Corporate Sustainability and the Individual

Corporate Sustainability and the Individual:

Understanding What Drives Sustainability Professionals as Change Agents

Paper by Wayne Visser and Andrew Crane

Abstract

This paper looks at what motivates sustainability managers to devote their time and energies to addressing social, environmental and ethical issues. It is rooted in the literature on the role of individuals as change agents for corporate sustainability, in particular in their capacity as environmental or social ‘champions’. The paper presents in-depth research among sustainability managers, providing a rich, nuanced understanding of different types of sustainability change agents. It identifies four such types – Experts, Facilitators, Catalysts and Activists – and uncovers the pivotal role of values, inspiration, expertise, empowerment, strategic thinking and social contribution as sources of meaning for these purpose-inspired managers. The findings deepen our understanding of the psychological dimensions of corporate sustainability management, and provide a useful tool for improving individual and team performance, enhancing recruitment and retention of sustainability talent, and developing more effective organisational leadership for sustainability.

Keywords

corporate social responsibility, corporate sustainability, change agents, environmental champions, meaning in life, psychology, sustainability managers, values 

Introduction

As social, environmental, and ethical issues like persistent poverty, climate change, financial market instability and economic globalisation continue to move up the geo-political and economic agendas, corporate sustainability is increasingly touted as a timely and necessary response by business (Dunphy et al., 2003; Shrivastava, 1995; Zadek, 2004). Viewed in this way, sustainability can be thought of as a conceptual framework and practical mechanism for creating change that results in improved social, environmental and ethical conditions (Van Marrewijk, 2003).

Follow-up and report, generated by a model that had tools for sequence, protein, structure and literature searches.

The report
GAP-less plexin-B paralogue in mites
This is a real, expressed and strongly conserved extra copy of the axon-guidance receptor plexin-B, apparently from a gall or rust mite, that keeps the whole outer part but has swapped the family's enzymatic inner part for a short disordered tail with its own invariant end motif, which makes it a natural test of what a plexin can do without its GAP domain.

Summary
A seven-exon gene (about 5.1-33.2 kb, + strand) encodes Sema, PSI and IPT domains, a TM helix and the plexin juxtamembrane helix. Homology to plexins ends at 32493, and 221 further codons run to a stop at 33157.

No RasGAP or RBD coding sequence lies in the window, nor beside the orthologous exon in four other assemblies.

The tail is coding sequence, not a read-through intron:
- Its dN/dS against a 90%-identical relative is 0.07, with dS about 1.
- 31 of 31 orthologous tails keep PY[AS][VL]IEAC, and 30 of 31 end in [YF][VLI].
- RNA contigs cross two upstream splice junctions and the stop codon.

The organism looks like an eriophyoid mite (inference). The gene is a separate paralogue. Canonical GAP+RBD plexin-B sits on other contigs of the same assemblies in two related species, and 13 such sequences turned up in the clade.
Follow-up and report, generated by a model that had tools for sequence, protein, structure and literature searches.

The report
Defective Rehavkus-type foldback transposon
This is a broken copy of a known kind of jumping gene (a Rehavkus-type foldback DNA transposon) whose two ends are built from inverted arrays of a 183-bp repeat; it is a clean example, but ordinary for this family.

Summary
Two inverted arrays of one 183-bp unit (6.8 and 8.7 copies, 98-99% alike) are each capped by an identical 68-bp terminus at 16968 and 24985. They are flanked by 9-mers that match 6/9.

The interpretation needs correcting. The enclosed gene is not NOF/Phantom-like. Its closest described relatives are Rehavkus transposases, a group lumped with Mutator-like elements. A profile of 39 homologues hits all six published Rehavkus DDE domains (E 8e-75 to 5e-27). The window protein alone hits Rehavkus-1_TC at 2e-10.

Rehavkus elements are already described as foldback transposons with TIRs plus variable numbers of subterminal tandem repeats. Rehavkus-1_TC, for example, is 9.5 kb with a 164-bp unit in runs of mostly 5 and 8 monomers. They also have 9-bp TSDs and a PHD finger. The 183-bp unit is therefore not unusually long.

Attention to corporate sustainability has tended to focus on how change can be achieved at the organisational level (Benn, et al. 2006; Dunphy et al., 2003). By contrast, comparatively little research exists on the role of the individual as a change agent for sustainability (Sharma, 2002). What literature there is on corporate sustainability and the individual level typically focuses on four areas: 1) The importance of values congruence between managers/employees and organisational values (Fryxell and Lo, 2003; Hemingway and Maclagan, 2004; Van Marrewijk and Werre, 2002); 2) the instrumental association between individual concern, knowledge and commitment and corporate social and environmental responsiveness (Bansal and Roth, 2000; Keogh and Polonsky, 1998); 3) narrative accounts by sustainability managers of corporate ‘greening’ (Fineman, 1997; Georg and Fussel, 2000; Starkey and Crane, 2003); and 4) the role of sustainability managers as champions, entrepreneurs or agents of change in their organisations (Andersson and Bateman, 2000; Prakash, 2001; Walley and Stubbs, 1999).

This literature brings insights to our understanding of individuals within a corporate sustainability context by highlighting the importance of ‘intangibles’ like values, attitudes and beliefs in driving corporate sustainability, the crucial role of education and awareness in achieving behaviour change, the scope and necessity for managerial discretion in making change happen, the power of corporate culture in shaping a consensus ‘story’ on sustainability, and the pivotal role of leadership support for sustainability. However, the literature also shows certain limitations. We still know little about what drives individuals to be sustainability managers, how this affects such individuals, and what they seek to achieve from their actions on a personal level. Moreover, the notion of sustainability champions …

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Visser, W. & Crane, A. (2010) Corporate Sustainability and the Individual: Understanding What Drives Sustainability Professionals as Change Agents, SSRN Working Paper Series, 25 February 2010. First published on SSRN at: http://ssrn.com/abstract=1559087